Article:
Russell Thomsen and Eric Owen Moss discuss the historical, ethical and political issues behind Thomsen’s proposal, with Eric Kahn, for Auschwitz. Thomsen characterizes it as temporarily “blanking” the site, making it inaccessible
and invisible. Moss raises the question of appropriate or inappropriate uses, citing Peter Eisenman’s Holocaust memorial in Berlin.
Russell Thomsen and Eric Owen Moss discuss some of the historical, ethical and political issues behind Thomsen’s proposal, with the late Eric Kahn, for the site of Auschwitz, on display in SCI-Arc’s Kappe Library.
Russell Thomsen describes his personal experience of learning about the Holocaust, and Eric Owen Moss discusses its historical background.
Russell Thomsen describes the proposal for the site of Auschwitz, developed with Eric Kahn, as an attempt to temporarily “blank” the site, rendering it inaccessible and invisible. Eric Owen Moss raises the question of appropriate or inappropriate uses of the memorial, citing Peter Eisenman’s Holocaust memorial in Berlin.
Saitowitz concludes his lecture with a presentation of a synagogue and ceremonial objects and his New England Holocaust Memorial. Saitowitz reads a text which explains his intention to materialize a connection between the memorial and Boston’s Freedom Trail. He concludes describing the combination of memories and materials in the project.
Anthony Vidler presents an argument tracing the trajectory of historicism and its contribution to the development of the concept of the historic monument. Introduced by Ron McCoy, he explains how Nietzsche’s idea of the past becoming the gravedigger of the present applies to such examples as the restoration of St. Mark’s Campanile in Venice, among others. Describing a sometimes cult-like obsession with objects of the past, Vidler shows how historicism developed through the 19th and 20th centuries. Concluding with a look at post-modern fascinations with the historic sublime, he notes how ridiculousness is often another side of the same coin.
Ron McCoy introduces Anthony Vidler, professor of architecture and of architectural history at Princeton University. Vidler is...
Anthony Vidler begins his argument by restating Friedrich Nietzsche's observation that an obsession with history can be an...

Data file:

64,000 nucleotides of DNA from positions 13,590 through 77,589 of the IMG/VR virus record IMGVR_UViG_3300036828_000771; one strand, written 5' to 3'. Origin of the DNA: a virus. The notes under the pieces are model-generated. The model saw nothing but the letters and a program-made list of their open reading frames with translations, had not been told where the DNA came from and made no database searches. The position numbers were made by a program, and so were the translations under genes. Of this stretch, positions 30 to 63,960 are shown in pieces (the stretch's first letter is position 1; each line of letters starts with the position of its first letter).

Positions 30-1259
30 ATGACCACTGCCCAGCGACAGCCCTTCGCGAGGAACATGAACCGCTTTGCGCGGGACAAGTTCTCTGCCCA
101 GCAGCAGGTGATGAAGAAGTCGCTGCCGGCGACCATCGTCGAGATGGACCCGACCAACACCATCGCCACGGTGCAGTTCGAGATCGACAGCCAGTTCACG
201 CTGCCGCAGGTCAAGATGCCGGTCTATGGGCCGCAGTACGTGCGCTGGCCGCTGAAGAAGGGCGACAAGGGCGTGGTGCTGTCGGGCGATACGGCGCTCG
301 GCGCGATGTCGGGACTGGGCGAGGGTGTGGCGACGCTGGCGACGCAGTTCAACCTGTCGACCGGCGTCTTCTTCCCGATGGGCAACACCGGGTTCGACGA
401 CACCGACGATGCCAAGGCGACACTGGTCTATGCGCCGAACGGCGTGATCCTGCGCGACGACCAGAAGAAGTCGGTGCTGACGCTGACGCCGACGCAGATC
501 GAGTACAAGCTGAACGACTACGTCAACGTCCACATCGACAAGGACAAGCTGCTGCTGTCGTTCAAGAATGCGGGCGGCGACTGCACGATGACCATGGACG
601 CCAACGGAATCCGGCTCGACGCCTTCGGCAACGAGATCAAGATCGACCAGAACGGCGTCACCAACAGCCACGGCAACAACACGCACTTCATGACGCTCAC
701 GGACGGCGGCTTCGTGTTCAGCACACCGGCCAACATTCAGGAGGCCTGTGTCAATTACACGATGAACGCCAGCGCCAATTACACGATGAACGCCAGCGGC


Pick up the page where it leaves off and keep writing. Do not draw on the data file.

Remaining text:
One year after the 1902 collapse of the Campanile in Venice historian Alois Riegl wrote The Modern Cult of Monuments...
Anthony Vidler describes a cult-like fascination with monuments prevalent during the mid 18th century and gives works by Piranesi...
Anthony Vidler discusses examples of the contradictions that arise from tampering with historical objects in efforts to...
One year after the 1902 collapse of the Campanile in Venice historian Alois Riegl wrote The Modern Cult of Monuments which pointed out that originally all monuments were memorials. The idea of the historical monument developed in the 19th century, including a variety of artifacts that could become historical monuments simply by having existed in the past. Vidler explains four values that Riegl claimed to define the historical monument’s importance. Either historic value, artistic value, age value, or use value take the central role as they work against each other to give importance to monument or ruin.
Anthony Vidler describes a cult-like fascination with monuments prevalent during the mid 18th century and gives works by Piranesi and Canaletto as examples of a preoccupation with ancient ruins. By the late 18th century interest shifts to the size of the ruins and buildings like the Column House by Fran?ois Racine de Monville appear. The 19th century witnessed the rise and fall of the monumental sublime as exemplified in renderings of Stonehenge by Turner. To save them from vandalism during the French Revolution, many of the country’s
antiquities were placed under the care of the artist Renoir who created elaborate settings for them in new museums.